While the world’s media is focussed on the vile deeds of the Islamic State and Iran’s President Hassan Rouhani is at the UN asking for Iran to be allowed to enrich uranium, back in Iran the authorities are engaged in a spate of executions and mass-arrests.
In the midst of this there is one man who stands out from the crowd. There can be no question that Ayatollah Hossein Boroujerdi is a brave man and one that deserves international support. Anxious that the heady cocktail of religious and political Islam continued to pose an enormous risk lead the Ayatollah to publicly call for the separation of religion from the political state. We have seen how dangerous this is with the religious fanatics of the Islamic State, who seemingly justify and excuse their heinous actions by religious doctrine. If you believe your next step leads you to eternal paradise, then there is little restraint on your actions.
Mohamad Mohavadi, Iran’s Prosecutor of the Special Court, has publicly condemned Boroujerdi, saying that the punishment for ‘sedition’ is execution. He also vowed that those who assisted Ayatollah Boroujerdi in publishing his papers about the separation of religion from state will also be sentenced to death. The threat to execute Ayatollah Boroujerdi came within 48 hours of his most recent letter to U.N. Secretary-General Ban Ki Moon.
According to Boroujerdi’s family, he was placed in solitary-confinement cell with his wrists and ankles shackled, with his hands and feet shackled to the wall so he can not move. This is a procedural step towards imminent execution, possibly within 24 hours.
“Certain intelligence agencies have put blades in the hand of madmen, who now spare no one,” Rouhani told the United Nations General Assembly on Thursday. But he didn’t mention the mass executions that are taking place in Iran, nor the arrests of dissidents – and certainly not the fate of Ayatollah Boroujerdi.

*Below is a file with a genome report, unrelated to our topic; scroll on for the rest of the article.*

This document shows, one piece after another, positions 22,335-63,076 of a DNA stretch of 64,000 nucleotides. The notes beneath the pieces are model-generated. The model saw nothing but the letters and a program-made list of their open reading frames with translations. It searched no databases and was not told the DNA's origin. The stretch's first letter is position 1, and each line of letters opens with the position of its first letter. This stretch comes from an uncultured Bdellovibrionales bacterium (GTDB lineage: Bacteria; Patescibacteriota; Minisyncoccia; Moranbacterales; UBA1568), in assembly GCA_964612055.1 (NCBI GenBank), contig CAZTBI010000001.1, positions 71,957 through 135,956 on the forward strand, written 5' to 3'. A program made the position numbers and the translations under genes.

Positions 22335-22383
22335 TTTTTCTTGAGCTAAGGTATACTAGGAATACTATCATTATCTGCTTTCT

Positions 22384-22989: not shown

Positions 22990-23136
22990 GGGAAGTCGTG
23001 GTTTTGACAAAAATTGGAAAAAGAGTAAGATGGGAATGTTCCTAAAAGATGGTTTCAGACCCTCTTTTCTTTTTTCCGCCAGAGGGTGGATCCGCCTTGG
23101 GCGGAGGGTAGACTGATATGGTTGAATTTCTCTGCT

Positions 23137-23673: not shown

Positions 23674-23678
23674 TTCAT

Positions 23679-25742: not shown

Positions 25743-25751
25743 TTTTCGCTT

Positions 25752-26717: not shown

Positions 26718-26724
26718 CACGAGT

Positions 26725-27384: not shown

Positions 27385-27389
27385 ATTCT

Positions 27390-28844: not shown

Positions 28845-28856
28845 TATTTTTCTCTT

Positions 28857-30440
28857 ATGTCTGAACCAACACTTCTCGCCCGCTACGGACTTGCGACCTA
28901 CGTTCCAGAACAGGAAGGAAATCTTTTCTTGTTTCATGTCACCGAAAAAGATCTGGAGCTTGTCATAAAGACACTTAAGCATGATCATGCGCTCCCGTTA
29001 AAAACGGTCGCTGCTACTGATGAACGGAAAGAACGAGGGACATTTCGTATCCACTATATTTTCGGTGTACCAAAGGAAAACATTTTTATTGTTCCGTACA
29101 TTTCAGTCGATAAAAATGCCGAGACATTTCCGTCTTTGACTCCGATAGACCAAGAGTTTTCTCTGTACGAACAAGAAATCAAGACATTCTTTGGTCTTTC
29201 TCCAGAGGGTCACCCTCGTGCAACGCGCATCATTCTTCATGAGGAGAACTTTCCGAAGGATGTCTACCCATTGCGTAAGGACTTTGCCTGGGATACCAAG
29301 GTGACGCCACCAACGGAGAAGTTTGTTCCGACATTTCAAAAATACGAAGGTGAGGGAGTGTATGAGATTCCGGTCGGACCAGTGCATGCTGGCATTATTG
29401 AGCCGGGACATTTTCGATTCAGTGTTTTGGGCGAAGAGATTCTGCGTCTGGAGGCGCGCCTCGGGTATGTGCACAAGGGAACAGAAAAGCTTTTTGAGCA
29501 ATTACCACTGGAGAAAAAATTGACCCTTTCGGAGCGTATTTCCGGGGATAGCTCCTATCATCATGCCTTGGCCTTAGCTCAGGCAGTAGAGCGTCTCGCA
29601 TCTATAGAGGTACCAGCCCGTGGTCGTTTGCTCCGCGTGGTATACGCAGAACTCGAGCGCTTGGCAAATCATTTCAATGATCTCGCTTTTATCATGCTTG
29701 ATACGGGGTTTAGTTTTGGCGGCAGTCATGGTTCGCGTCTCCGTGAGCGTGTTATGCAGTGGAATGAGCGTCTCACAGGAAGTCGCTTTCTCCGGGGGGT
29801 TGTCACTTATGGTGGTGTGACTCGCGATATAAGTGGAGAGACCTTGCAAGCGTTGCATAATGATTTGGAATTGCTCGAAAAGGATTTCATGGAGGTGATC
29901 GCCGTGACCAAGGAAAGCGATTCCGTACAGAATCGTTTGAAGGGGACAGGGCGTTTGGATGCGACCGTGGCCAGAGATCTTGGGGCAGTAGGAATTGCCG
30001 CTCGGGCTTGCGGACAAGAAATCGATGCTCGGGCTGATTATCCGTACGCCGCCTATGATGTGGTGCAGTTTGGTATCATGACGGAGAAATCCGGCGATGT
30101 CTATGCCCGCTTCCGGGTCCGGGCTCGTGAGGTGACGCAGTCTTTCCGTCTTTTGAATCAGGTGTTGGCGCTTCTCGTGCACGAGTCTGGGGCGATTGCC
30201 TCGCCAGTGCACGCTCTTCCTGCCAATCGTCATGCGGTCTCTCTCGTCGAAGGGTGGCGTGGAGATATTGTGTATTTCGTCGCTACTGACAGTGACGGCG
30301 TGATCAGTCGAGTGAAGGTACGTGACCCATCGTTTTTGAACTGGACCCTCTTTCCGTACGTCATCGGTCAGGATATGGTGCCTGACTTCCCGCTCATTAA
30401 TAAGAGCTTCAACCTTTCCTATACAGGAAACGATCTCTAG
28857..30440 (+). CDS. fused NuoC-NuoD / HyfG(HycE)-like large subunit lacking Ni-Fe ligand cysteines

Iran is demonstrating to the world that it can execute the Ayatollah without any protest from the western world. This is the country that is asking to be allowed to enrich uranium, a step in the process to developing nuclear weapons. Please retweet this article in support of Ayatollah Boroujerdi, a religious cleric and man of freedom, who is about to give his life simply to forward his belief that religion and state should not rest ultimately in the same hands, something atheists have been saying for decades. Atheists and those of faith who believe in peace should support the actions of such a courageous man.
I saw a piece on the BBC today about Respect Party founder George Galloway, who is calling for a planned march through Tower Hamlets on Saturday by the English Defence League (EDL) to be banned. That may or may not be necessary, I have no idea, although I am sure the appropriate authorities will have their opinion and hopefully take the appropriate action. I am not an EDL supporter as you will know if you give this blog anything more than a cursory glance.
To give you a small background perspective, I have now started to follow Tweeters that I would usually rather not read about. Two days ago I started following Nigel Farage, reasoning it was better to know your ‘devils’ than ignore them. I duly received a tweet from UKIP’s leader this morning saying that today is the 20th anniversary of the foundation of his party. I sent a curmudgeonly tweet back saying that this milestone served to demonstrate the tolerance of the great British public. Well I hope Mr. Farage has a better sense of humour than his understanding of foreign affairs, or I will feel his wrath no doubt. Incidentally, why do so many people call Mr. Farage a ‘kipper’ when he is much better suited to ‘flounder’?
So when I read about garrulous George’s latest march – well George is certainly energetic, even if a political stooge to Islam’s peace-loving followers – I decided to follow him on Twitter, hoping to ask him why he was always banging on about Islamophobia, after all, I am an ex-Muslim and I ought to know his reasoning. I didn’t get the chance because garrulous George has banned me, yes, banned me! Back came the message “You have been blocked from following this account at the request of the user”. A pre-emptive strike no less. Maybe old gee-gee is learning from Obama.
My point is that people have a right not to like Islam, don’t they? In the same vein they have a right to free speech. I mean, I detest the Catholic church but I don’t see the followers of the Church of Rome yelling Catholiphobia, a word I coined about a decade ago, at atheists like me. Roundly I detest all religion really, although I am not nasty about it. The other day an old lady approached me in the town as I was getting into my car with my 12 year old son. “Would you like to read these two magazines?” she asked. “Sure” said I, but as soon as they were in my hand I saw that they were religious matter. I approached the group that she was with, some two or three yards away, handing back the magazines whilst asking them “rather than inviting people to read these magazines, why don’t you hand them over whilst meekly observing ‘if you don’t join us you’re going to burn in hell’?” The old lady and one of her companions laughed. They clearly have a sense of humour, which is more than we can say for garrulous George.